In past match ups against MSU, Nick Saban and Kirby Smart have completely dominated State’s running game and, therefore, dominated the games.  Dan Mullen’s offense is typically predicated on a solid running back, an excellent running QB and the occasional threat of the pass.  This season, Mullen’s attack features a 5th year senior QB in Dak Prescott and with Prescott’s experience comes the evolution of the State offense.  The Dak attack has morphed from being an accidental thrower to a surgical passer and the stats (and film) bear that out.  MSU’s passing attack is ranked 21st in the country and features three outstanding receivers and backs that can make some yardage snagging passes out of the backfield.  Conversely, the Bulldog rushing attack has taken a backseat and checks in at #94 in rushing offense.  Times, they are a-changin.  And, unfortunately, this is precisely the type of attack that gives Bama’s defense fits.  The quick passing game will be the order of the day and with Dak completing 67% of his passes, getting pressure on him will be the key to a victory.  Here’s what else to look for Saturday when the Tide defense takes the field….

One Man Band:  With 418 yards rushing, Prescott leads MSU in rushing.  With 2351 yards passing, Prescott obviously leads the Bulldogs in passing, as well.  Get the picture?  Stop Dak.  Win the game.  Most of his throws are of the three step variety on slants, outs and curls so Bama’s D-line will need to get their hands up and swat some balls in order to attack the Dak.

Back Attack:  MSU loves, loves, loves to get the ball out to their backs out of the backfield in the passing game and Bama typically struggles to defend this.  When a back motions out of the backfield, one of two things are typically going to happen:  1) Dak runs a QB draw or 2) Dak swings the ball out to a back.  It’s tough to defend both.

Death, Taxes and…:  If it’s short yardage, I’ll give you one guess who is getting the ball.  D.A.K.  Third and short is third and Dak.

Under Pressure:  As athletic as Prescott is, when he’s pressured then his inaccurate and often makes bad decisions.  Look for Dak to throw a couple of ill-advised passes into tons o’ coverage.  Kentucky and Mizzou gave Dak entirely too much time to dissect their defenses and they paid the ultimate price for it.  Gotta.  Get.  Pressure.

Where’d Who Go?:  State’s offensive line has had a lot of injuries this season and they aren’t nearly as good as last year’s squad.  This season, Mizzou treated Mississippi State’s left tackle as a turnstile as they penetrated the backfield time and time again.  Additionally, State loves to leave the opposing defensive ends unblocked and we’ve shown you in this space what Alabama likes to do against that scheme.  Advantage Bama.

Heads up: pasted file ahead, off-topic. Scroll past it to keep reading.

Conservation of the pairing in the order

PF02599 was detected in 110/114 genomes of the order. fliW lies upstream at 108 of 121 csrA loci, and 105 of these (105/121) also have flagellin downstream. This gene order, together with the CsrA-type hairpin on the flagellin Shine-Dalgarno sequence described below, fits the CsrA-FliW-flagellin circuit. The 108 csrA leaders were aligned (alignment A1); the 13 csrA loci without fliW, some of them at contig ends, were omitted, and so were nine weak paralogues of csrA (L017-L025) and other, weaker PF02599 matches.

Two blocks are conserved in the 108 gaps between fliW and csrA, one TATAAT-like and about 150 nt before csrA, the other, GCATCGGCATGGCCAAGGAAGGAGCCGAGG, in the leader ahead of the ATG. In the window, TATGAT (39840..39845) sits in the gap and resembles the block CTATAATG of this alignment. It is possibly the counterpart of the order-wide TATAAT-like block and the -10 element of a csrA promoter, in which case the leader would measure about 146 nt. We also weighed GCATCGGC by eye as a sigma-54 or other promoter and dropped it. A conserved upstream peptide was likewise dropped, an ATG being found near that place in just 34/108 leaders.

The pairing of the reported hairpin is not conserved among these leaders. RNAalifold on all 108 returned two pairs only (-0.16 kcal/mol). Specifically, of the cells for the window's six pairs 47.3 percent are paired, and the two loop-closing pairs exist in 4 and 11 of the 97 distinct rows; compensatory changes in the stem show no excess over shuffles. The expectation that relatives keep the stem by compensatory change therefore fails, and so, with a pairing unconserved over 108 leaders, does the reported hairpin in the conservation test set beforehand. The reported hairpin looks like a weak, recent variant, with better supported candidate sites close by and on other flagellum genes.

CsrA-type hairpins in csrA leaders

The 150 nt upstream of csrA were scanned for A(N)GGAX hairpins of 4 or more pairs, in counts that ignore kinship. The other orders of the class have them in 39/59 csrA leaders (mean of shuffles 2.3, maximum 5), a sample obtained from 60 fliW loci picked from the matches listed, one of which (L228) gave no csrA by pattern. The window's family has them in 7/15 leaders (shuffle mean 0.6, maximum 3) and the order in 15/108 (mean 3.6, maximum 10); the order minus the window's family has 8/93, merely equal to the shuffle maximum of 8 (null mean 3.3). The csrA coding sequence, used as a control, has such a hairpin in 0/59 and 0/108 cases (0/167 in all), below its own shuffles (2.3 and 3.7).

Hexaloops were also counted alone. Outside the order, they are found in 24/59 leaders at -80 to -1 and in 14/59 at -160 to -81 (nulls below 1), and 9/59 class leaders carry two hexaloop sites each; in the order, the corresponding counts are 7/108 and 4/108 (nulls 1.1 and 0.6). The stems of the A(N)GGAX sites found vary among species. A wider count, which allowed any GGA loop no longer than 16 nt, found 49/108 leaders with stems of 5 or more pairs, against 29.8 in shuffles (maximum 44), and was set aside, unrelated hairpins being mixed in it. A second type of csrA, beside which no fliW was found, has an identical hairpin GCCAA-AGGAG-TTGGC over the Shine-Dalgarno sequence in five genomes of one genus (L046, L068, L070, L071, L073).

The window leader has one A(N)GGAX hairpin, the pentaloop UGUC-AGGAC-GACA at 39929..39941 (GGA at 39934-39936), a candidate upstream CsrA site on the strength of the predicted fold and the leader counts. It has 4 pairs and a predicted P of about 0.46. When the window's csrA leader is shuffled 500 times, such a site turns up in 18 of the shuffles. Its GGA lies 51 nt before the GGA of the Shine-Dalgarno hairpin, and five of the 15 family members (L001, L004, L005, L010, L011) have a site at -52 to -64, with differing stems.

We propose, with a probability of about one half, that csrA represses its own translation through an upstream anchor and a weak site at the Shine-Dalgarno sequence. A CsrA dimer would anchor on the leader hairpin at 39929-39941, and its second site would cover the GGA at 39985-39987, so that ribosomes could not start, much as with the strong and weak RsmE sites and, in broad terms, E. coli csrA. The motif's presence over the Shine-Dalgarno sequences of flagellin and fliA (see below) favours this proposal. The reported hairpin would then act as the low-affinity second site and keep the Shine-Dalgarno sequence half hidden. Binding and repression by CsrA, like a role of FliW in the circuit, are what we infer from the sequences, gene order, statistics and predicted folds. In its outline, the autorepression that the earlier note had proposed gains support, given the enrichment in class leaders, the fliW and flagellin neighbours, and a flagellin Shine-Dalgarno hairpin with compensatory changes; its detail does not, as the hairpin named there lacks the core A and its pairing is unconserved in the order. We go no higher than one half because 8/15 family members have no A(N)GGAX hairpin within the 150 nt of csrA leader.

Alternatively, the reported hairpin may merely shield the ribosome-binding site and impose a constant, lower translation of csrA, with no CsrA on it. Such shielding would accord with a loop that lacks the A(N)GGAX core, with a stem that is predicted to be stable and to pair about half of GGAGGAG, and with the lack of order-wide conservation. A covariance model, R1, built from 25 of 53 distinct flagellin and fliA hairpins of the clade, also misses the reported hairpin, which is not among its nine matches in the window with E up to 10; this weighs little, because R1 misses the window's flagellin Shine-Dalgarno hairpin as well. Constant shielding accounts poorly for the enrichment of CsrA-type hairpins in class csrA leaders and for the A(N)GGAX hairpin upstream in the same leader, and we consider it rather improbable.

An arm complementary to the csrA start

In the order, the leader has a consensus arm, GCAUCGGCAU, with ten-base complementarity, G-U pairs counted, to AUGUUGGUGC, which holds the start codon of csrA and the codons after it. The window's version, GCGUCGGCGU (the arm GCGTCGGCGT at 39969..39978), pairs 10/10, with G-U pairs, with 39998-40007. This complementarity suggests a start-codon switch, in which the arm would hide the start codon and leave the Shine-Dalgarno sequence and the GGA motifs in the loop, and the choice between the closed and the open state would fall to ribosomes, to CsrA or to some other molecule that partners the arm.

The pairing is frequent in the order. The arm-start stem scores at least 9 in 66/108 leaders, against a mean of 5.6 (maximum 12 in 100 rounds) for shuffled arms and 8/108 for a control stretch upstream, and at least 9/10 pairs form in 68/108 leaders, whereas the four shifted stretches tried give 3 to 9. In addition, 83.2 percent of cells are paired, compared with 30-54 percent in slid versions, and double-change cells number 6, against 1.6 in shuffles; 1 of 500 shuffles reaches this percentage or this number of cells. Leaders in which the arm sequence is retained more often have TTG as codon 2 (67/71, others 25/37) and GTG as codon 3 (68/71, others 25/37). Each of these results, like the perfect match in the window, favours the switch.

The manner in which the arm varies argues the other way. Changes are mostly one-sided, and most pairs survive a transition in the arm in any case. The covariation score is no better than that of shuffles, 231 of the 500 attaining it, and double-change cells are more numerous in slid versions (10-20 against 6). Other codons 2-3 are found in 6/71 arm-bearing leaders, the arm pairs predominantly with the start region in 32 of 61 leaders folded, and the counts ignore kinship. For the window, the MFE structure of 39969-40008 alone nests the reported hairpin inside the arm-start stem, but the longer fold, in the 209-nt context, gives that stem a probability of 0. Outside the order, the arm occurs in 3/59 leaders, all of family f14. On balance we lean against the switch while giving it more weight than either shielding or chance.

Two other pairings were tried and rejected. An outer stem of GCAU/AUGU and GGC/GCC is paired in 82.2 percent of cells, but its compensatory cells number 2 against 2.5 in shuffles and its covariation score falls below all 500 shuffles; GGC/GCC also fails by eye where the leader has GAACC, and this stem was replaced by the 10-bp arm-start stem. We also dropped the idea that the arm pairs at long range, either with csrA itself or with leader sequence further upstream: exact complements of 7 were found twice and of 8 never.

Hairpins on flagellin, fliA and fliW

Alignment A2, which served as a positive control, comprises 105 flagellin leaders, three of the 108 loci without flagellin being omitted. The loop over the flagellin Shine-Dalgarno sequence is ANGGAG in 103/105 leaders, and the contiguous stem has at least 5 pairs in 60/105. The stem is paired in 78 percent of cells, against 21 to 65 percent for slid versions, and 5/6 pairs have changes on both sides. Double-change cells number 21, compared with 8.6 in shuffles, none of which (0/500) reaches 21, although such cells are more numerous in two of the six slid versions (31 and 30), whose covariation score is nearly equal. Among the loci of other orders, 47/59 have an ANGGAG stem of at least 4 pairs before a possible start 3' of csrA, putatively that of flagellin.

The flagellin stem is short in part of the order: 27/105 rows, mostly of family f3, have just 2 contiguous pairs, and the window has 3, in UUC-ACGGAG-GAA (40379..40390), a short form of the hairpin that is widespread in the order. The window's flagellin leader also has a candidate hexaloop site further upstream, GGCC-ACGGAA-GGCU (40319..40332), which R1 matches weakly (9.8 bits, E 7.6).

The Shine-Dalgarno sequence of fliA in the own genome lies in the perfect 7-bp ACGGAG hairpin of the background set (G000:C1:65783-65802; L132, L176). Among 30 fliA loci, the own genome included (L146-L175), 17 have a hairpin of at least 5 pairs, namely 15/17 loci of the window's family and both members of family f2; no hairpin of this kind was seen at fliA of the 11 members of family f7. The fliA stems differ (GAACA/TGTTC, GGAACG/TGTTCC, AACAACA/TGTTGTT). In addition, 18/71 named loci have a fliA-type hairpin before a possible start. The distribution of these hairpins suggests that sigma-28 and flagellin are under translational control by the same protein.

Tidebits

  • MSU runs the zone read when they look to run the football.  I can’t imagine they will have any success at this at all.
  • MSU is leading the SEC in TD percentage in red zone.  Holding State to field goal attempts will be considered a win.
  • For all of Dak’s improvements, he’s not a good deep ball thrower.  Dak throws the ball well on a line but isn’t effective in throwing the ball down the field.
  • Look for #32 Rashaan Evans to play a lot as a “spy” against Prescott.
  • Prescott likes to throw contested passes to #1 Derunnya Wilson so the Tide corners will be in for a fight.  Wilson is 6’5 and was once Mr Basketball in the state of Alabama.  MSU loves to run trips to one side and line Wilson up by himself in the red zone against one on one match ups.  Look for Wilson in the red zone.
  • Fred “My name isn’t Rick” Ross leads MSU in catches and is utilized in WR screens.

Alabama on Special Teams

JK Scott and Adam Griffith are about as hot as you can get right now so special teams should be an advantage for the Tide.  MSU’s main kicker is hitting 82% of his kicks and is 3 of 4 between 40-49 yards.  State is averaging nearly 42 yards punting which is 9th in the conference so that’s a lean towards Alabama.  Returns and return coverage are virtually a wash so these teams are pretty even in that respect.

Final Thoughts and Prediction

Coming off of an emotional victory over theaux hated Cajuns from Louisiana, it would be tough to expect Alabama to put forth another peak performance this week.  Cowbells will be ringing.  Cocktails will be pouring.  Will Bama be snoring?

MSU’s offense presents a pretty difficult test for the Tide defense.  They run the vaunted HUNH (hurry up, no huddle) offense.  They have a running QB.  They have a short, quick passing game featuring talented wide receivers and backs out of the backfield.  These Bulldogs will challenge the Tide’s defense in a way they haven’t been challenged since another Mississippi school came calling.

But, the Bulldog’s defense continually makes their fans say, “what the Hail, State?”  They are horrid against the run and that just so happens to be the very best weapon the Tide has at their disposal.  Whether it is Derrick Henry or Kenyan Drake, the Tide will continue their assault on the ground.  And, with State blitzing time and time again, look for Alabama to pick up some significant yardage when they can defeat the onslaught of Bulldog defenders.  A screen, a draw, a bomb off of a max protection – Bama will make a couple of chunk plays.  As a result……..

Alabama 31   Mississippi State 23